Nobel Prize winners, security luminaries, world-class professors: Munich has a lot to offer in intellectual capital terms. And best of all, many of the city's smartest people are also excellent speakers who can be booked to enhance any event. Here, we present seven of Munich's most exciting conference speakers.
What can be done to cool the climate? In Munich, no one knows the answers to this critical 21st-century question better than Julia Pongratz (*1980). As a climate researcher, she is an expert on the consequences of land use, a Professor of Physical Geography at Ludwig Maximilian University (LMU) and also a practiced lecturer. Something she has demonstrated, for example, at "Education for Climate Protection", a public lecture series staged at LMU. She also contributed to the chapter on the global carbon cycle and other biogeochemical cycles and feedbacks in the Intergovernmental Panel on Climate Change (IPCC) Assessment Report, the world's definitive account of climate research. Asked recently if someone like her is actually afraid of climate change, she replies: "I'm cautiously positive. We have the financial resources, the knowledge, and the technologies. So it's a question of whether we have the will."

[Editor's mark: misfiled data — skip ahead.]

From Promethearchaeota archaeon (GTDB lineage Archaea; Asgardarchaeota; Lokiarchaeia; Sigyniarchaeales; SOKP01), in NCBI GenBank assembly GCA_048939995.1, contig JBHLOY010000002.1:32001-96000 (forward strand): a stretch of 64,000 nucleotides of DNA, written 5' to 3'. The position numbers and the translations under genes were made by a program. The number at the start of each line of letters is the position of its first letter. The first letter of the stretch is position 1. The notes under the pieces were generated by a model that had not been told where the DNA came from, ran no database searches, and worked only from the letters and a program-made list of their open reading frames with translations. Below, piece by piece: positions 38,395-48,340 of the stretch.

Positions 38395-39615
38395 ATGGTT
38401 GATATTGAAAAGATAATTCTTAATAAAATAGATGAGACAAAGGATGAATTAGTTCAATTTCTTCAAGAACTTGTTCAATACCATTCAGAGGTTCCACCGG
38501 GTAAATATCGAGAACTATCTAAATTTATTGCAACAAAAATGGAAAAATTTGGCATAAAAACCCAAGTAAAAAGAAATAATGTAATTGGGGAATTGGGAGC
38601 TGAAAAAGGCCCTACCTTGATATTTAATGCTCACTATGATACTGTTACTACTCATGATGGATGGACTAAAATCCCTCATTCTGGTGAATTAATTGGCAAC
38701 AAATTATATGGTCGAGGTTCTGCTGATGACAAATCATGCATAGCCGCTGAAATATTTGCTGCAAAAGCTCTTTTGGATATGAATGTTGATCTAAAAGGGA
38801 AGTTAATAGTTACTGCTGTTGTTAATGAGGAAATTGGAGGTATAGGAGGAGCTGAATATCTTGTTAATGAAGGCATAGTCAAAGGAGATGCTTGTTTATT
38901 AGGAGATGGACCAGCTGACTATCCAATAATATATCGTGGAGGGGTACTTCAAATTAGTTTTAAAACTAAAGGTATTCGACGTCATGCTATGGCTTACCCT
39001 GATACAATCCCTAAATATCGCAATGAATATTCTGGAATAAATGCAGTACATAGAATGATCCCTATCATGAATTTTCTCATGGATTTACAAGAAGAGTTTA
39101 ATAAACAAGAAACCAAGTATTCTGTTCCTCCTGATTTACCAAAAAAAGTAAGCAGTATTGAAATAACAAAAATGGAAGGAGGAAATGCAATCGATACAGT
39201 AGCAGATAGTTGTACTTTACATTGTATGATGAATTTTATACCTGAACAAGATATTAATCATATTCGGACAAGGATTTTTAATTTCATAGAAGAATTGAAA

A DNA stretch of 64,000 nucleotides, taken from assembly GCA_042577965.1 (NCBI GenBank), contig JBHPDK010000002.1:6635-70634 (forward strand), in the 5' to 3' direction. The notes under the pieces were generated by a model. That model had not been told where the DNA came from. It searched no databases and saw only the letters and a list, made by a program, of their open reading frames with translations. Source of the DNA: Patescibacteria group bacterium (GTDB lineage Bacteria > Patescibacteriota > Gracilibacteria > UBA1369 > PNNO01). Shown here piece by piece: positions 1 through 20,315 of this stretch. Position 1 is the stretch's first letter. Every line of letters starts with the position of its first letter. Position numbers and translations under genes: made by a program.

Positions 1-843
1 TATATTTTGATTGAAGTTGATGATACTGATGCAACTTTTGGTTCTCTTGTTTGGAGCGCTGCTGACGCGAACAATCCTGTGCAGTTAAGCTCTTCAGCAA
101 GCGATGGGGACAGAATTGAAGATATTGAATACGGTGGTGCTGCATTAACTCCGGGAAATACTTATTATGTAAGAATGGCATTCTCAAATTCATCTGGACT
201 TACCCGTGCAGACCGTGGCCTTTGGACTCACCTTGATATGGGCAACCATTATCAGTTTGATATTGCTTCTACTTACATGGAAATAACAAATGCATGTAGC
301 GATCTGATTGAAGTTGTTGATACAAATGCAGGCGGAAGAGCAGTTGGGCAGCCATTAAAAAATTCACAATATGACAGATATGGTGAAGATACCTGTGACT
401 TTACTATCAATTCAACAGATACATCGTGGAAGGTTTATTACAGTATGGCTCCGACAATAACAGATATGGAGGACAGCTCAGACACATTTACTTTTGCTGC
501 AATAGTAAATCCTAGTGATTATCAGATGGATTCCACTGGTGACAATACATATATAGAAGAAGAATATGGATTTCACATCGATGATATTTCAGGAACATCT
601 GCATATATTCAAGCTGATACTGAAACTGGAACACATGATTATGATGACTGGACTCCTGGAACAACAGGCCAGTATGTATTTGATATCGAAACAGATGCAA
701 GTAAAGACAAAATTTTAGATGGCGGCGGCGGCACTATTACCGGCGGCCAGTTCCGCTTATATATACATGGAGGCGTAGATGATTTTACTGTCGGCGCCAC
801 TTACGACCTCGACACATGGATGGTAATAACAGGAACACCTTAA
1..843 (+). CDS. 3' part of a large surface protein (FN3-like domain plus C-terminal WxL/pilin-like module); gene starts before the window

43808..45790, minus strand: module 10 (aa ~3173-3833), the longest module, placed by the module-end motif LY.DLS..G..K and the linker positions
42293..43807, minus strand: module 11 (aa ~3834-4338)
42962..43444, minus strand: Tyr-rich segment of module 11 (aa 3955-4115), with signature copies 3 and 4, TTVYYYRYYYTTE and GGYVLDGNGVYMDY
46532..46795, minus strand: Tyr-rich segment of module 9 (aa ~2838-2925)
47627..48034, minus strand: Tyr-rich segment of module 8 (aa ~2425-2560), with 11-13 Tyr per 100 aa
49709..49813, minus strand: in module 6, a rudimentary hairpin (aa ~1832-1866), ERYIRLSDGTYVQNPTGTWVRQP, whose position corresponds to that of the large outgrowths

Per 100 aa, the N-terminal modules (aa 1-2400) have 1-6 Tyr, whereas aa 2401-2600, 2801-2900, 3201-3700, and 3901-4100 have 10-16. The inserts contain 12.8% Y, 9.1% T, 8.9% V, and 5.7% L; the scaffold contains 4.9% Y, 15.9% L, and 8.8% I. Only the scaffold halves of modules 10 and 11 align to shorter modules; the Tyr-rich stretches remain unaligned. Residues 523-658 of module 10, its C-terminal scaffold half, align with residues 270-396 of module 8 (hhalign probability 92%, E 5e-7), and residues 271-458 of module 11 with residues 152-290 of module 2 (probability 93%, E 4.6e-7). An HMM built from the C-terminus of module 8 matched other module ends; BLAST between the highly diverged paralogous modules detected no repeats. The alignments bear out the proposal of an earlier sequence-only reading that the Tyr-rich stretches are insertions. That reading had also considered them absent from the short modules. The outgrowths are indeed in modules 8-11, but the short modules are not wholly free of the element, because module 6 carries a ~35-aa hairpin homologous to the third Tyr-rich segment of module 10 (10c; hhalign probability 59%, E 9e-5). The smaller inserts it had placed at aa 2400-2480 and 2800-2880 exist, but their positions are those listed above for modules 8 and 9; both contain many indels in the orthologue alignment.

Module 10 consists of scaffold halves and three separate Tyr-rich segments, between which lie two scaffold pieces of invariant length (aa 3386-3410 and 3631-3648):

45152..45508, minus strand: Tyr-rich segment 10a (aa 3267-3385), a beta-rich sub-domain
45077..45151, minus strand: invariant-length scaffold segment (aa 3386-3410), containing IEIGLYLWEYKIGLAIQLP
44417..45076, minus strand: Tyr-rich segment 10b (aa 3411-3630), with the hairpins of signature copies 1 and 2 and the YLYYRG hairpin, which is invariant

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One of today’s notoriously underestimated mega-topics is IT security. Everyone knows it’s important not to leave digital data and movements unprotected – and yet everyone usually just that in one way or another for reasons of ignorance or convenience. This is where some change is urgently required. For Claudia Eckert (*1959) digital sovereignty is one of the decisive characteristics in the 21st century for self-determined action uninfluenced by third parties. As a research scientist, she heads the Fraunhofer Institute for Applied and Integrated Security and is a Professor of Security in Computer Science at Munich Technical University. There, she has also recently set up an innovation network for cybersecurity because in Germany, she says, the systemic backlog is huge: "We're not sovereign with regard to standard software and standard platforms." However, she is just as happy to share her knowledge with the public, for example as part of the "Science for Everyone" series at Munich’s Deutsches Museum. Moreover, the Information Security Hub is also an excellent location for all kinds of forward-looking events in the IT sector.
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Week after week, Samira El Ouassil (*1984) dissects the sayings and contradictions of Germany’s leading personalities ranging from politicians and journalists to soccer players, Youtubers and influencers – in podcasts and columns for the online portal Übermedien and the weekly magazine Der Spiegel. She is especially wide awake if terms are used too thoughtlessly and stories come across too smoothly. As a journalist who also understands the practice of storytelling as a gag writer and actress, she gives lectures on the curse and blessing of humans being creatures who live in and through stories, as she recently did at the Munich Media Days at the International Congress Center Messe München. Together with the author and podcaster Friedemann Karig, she has also written a bestseller on the subject called "Narrating Monkeys”, which is standard work for anyone who wants to better navigate the thicket of conspiracy myths, "alternative facts" and fake news we call the information age.